The National Football League needs a guy like Carson Wentz. Actually, the NFL needs a lot more guys like Wentz. The former North Dakota State quarterback and Bismarck, North Dakota native is, believe it or not, one of the leading candidates for the league’s Most Valuable Player award as we approach the midway point of the regular season. Oh, by the way, the Philadelphia Eagles have the NFL’s best record at 7–1, lead the NFC East by 2.5 games, and with a matchup Sunday versus the slumping Denver Broncos, are likely to be 8–1 heading into a key showdown versus Dak Prescott and the Dallas Cowboys the weekend before Thanksgiving.
Wentz might be the biggest thing to hit the NFL since deflated footballs, national anthem protests and a myriad of legal proceedings that, unfortunately, are all too often centered around allegations of domestic violence. In other words, in a league desperate for a positive, feel-good story and solid leaders, a big “North Dakota tough” red-head that leads by example, places his teammates and organization above himself, exhibits humility and grace in a league marred by selfishness and grandiosity, has come riding into the scene. Pure and simple, Wentz isn’t just one of the best players in the NFL, he’s one of its best leaders. It’s why only 24 games into his professional career, he’s fast becoming one of the league’s public faces. While that’s quite a mouthful for a guy that wasn’t on many NFL radar screens in the fall of 2015, it’s entirely warranted.
Go back to his playing days for the Bison and listen to his teammates and coaches describe Wentz. The first thing wasn’t his playing ability, spectacular as it was. It was his leadership skills. It was how great a teammate and leader he was. This was the oft-repeated refrain: For as great a player as Carson is, he’s an even better person, leader and teammate. From guiding NDSU to back-to-back national championships his junior and senior year, Wentz is now inflicting that same helpless feeling on NFL defenses that the Missouri Valley Football Conference and rest of the Football Championship Subdivision felt. After his marquee performance against the Washington Redskins under the bright lights of Monday Night Football, Matt Entz, NDSU’s defensive coordinator, posted this tweet. “Don’t feel sorry for any of these NFL Def. Coordinators. Saw this daily for two years. Seen it 1st hand.” Entz was referring to Wentz’s days tormenting FCS defenses juxtaposed with his 17-of-25 performance versus Washington where he tossed four touchdowns, and, for good measure, added 63 yards rushing. The biggest run coming on a 17-yard fourth quarter scramble that saw Wentz somehow Houdini his way out of a pile of defenders for a first down that sealed the Eagles 34–24 victory.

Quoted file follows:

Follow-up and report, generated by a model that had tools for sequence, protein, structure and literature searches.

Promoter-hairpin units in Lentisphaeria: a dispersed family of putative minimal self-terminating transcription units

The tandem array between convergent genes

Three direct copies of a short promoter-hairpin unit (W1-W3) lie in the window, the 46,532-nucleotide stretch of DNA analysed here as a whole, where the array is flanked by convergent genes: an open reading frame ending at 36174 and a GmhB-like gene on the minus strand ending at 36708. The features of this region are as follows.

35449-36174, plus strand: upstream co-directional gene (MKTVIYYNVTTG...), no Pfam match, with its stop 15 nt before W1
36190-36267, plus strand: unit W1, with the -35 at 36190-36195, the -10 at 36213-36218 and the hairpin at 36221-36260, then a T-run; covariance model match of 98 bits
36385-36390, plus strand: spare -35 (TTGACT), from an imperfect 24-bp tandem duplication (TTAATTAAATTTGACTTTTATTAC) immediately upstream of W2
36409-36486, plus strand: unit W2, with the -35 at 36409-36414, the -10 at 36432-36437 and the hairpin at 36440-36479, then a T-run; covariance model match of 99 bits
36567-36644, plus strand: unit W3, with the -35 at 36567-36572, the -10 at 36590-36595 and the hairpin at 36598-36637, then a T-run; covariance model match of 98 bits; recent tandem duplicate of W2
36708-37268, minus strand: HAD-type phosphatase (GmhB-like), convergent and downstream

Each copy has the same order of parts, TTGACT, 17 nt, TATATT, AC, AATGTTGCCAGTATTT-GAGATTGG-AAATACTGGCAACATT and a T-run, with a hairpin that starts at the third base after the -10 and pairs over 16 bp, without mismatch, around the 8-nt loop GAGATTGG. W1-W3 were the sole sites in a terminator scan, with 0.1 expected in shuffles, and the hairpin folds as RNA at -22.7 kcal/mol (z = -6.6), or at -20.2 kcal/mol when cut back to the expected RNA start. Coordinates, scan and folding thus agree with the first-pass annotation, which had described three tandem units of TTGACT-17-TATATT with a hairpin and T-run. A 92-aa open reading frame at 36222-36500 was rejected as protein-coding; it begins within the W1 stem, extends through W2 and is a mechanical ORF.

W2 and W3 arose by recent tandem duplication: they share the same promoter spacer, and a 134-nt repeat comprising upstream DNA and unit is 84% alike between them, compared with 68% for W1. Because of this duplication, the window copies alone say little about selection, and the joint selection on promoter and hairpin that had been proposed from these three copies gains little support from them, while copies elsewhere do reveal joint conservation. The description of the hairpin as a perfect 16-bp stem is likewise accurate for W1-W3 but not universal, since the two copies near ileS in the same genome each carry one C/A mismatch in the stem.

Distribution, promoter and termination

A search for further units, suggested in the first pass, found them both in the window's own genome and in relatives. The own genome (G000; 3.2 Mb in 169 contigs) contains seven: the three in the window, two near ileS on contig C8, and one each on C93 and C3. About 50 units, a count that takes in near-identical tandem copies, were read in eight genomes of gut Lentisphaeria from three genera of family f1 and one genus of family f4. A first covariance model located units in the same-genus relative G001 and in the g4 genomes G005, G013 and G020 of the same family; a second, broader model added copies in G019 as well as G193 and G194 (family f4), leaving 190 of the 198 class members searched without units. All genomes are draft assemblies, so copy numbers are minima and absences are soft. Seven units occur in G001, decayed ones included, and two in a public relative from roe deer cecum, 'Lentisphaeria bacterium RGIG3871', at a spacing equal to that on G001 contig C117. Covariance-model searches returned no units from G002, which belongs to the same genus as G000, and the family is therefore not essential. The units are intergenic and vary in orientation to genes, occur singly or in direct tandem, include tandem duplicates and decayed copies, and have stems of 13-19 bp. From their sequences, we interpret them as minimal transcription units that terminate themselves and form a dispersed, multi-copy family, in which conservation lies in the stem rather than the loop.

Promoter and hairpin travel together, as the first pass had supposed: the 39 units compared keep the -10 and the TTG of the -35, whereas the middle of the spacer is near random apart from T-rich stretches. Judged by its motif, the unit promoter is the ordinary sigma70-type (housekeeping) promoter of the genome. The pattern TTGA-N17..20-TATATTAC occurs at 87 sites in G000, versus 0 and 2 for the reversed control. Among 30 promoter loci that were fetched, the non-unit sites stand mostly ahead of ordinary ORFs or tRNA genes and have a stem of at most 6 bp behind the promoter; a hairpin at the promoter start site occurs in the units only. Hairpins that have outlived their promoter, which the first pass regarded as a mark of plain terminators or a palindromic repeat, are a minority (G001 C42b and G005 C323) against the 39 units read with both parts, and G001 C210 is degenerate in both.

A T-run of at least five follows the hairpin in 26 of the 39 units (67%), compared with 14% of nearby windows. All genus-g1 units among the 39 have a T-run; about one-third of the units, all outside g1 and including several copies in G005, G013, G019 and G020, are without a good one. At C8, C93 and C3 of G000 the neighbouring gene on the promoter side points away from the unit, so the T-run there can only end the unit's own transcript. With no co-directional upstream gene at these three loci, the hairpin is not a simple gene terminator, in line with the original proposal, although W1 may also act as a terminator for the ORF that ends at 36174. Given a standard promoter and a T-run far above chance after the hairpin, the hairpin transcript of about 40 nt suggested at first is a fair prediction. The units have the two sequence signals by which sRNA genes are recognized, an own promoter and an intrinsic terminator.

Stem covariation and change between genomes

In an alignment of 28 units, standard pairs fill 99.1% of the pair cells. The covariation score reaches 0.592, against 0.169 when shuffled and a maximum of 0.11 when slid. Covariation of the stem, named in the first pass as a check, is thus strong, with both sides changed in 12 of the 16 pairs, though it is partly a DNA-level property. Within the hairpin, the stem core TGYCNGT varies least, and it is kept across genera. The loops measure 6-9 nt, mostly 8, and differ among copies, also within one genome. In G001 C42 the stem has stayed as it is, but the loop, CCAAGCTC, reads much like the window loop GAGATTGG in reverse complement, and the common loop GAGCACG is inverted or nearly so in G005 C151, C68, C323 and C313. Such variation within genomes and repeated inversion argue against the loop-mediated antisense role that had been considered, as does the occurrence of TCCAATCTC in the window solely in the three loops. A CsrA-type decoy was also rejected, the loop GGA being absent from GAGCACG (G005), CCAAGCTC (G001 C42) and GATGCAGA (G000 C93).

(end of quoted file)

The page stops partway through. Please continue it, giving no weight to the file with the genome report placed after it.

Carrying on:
Earlier, leading 17–10 in the third quarter, Wentz eluded several rushers and with the pocket collapsing escaped an all-but-certain sack, then with a defender dragging him down tossed a dime to Corey Clement, similar to the ones he used to throw to R.J. Urzendowski and Zach Vraa, for a third-and-goal touchdown. It was a familiar play. Wentz ran it at NDSU and insisted it be inserted into the Eagles playbook. Jon Gruden pounced on that following the score. “Carson Wentz is unbelievable. That’s the same play that they featured at North Dakota State. He went to Doug Pederson, he said, ‘I want to put this play in our offense.’ They threw it for a touchdown against the Giants, and now they throw it for a touchdown against the Redskins. How about that pocket toughness. How does he get away from all those free rushers and make throws like that,” exclaimed Gruden. Earlier in the game, Gruden described Wentz thusly, “He is not tough, he is North Dakota tough!”
Hundreds of thousands of Bison fans and fellow North Dakotans proudly smiled along with Gruden knowing damn right he’s North Dakota tough! He’s one of us, drives a pickup, isn’t afraid of hard work, likes to hunt, has a deeply held faith and just so happens to be one of the best football players on the planet.